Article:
This is about as useless as claiming it is x H-bombs. In fact, powering a continent, or even the whole Earth, creates negligible heating compared with the GHE. It sounds like they are saying the power is less than a terawatt, which would be about 0.002 W/m2 over the Earth’s surface. GHE forcing is about 2 W/m2.

Reply to  Nick Stokes
April 26, 2021 6:42 pm

When you’re writing for the general public you have to put things in a frame of reference to which they can relate. So if you want to indicate a whole pile of energy, you could do worse than talking about enough energy to power a continent.

Rory Forbes
Reply to  Nick Stokes
April 26, 2021 8:25 pm

GHE forcing is about 2 W/m2

Or not …

Reply to  Nick Stokes
April 26, 2021 8:31 pm

GHE forcing is useless, tapping geothermal energy is doable.

Reply to  Nick Stokes
April 26, 2021 8:36 pm

A quick web search gives the heat flow from the core to outer space as around 44 trillion watts. The area of the Earth is around 510 trillion square meters. That gives a flux of around 0.1 watt per square meter.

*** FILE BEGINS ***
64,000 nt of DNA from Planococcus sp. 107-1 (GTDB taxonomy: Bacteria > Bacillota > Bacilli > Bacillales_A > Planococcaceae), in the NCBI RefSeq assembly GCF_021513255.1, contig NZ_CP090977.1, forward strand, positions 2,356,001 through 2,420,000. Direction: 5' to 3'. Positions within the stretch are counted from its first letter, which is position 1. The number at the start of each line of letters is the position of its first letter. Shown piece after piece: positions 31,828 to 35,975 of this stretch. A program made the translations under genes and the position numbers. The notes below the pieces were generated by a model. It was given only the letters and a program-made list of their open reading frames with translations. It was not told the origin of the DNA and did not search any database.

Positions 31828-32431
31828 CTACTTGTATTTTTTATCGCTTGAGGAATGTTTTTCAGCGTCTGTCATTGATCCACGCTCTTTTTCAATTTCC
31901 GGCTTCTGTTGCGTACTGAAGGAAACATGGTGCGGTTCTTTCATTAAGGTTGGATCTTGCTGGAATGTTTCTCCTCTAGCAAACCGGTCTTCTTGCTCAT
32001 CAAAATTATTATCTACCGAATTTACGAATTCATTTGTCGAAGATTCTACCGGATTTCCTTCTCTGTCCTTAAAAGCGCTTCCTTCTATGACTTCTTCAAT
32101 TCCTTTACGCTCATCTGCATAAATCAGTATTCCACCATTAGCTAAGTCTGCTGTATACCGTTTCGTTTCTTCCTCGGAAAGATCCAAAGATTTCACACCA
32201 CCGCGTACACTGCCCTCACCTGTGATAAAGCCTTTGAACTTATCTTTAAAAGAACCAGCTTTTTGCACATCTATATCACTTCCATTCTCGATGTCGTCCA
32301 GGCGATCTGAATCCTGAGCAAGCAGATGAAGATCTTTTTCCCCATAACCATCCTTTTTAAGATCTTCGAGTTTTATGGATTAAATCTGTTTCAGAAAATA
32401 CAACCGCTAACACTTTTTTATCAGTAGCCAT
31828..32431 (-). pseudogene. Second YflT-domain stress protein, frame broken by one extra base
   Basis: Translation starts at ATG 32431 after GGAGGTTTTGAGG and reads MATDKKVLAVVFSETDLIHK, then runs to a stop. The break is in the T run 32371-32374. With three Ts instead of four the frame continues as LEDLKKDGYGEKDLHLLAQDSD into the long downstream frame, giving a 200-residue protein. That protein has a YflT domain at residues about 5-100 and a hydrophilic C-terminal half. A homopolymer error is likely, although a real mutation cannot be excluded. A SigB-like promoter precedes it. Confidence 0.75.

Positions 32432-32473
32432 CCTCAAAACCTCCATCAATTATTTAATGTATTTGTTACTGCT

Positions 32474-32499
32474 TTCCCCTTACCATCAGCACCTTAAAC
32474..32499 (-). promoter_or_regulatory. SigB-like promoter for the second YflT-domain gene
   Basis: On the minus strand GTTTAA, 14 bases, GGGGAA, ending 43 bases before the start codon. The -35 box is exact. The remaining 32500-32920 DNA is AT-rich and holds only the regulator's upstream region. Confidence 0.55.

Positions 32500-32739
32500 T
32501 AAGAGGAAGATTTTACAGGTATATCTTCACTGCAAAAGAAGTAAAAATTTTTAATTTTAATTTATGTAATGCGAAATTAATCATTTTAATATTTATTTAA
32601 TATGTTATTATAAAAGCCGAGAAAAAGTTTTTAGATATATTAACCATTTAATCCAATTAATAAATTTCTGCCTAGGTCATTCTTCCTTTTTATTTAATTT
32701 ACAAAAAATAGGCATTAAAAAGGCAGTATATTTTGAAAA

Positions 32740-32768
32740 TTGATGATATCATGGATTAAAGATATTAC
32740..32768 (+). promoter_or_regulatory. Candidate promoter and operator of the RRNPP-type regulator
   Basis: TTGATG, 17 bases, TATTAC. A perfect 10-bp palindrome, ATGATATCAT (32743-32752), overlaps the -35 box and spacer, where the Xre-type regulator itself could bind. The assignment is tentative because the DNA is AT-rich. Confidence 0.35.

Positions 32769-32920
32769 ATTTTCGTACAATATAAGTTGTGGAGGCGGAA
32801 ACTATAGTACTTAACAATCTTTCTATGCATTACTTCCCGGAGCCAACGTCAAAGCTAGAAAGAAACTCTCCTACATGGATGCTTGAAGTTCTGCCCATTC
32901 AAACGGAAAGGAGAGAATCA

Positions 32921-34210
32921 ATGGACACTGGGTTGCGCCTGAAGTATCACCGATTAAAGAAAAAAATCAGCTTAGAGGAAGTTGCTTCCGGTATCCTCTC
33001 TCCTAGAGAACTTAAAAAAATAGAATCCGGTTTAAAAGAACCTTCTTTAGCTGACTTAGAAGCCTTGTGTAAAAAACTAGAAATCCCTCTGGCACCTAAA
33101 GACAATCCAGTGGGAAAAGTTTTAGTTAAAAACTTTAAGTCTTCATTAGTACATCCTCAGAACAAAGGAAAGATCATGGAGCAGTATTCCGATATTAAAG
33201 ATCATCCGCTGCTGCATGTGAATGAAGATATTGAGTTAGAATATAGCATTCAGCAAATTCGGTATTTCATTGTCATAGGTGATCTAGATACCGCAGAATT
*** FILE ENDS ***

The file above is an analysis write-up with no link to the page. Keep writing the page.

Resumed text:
As I point out elsewhere, and you point out here, it’s less than a rounding error in the Earth’s heat budget. On the other hand, the heat isn’t uniformly distributed and there are going to be strong local effects that change ocean currents and thus affect the Earth’s climate in general.

Reply to  Nick Stokes
April 27, 2021 12:19 am

No, that´s the heat transfer between two points at different depth in the crust(0.002W/m^2). The surface emits ~385W/m^2 which is all transferred upwards. That´s a lot more.

When you heat a solid like the surface to a steady state with somewhat uniform temperature, you´ll see that heat transfer between two points inside the solid is small. But the transfer from the solid to the surroundings will be much larger. Geothermal heat flow to the atmosphere is not 0.002W/m^2, it´s on average ~385W/m^2. Geothermal heat transfer between two points WITHIN the top layer of the crust is 0.002W/m^2.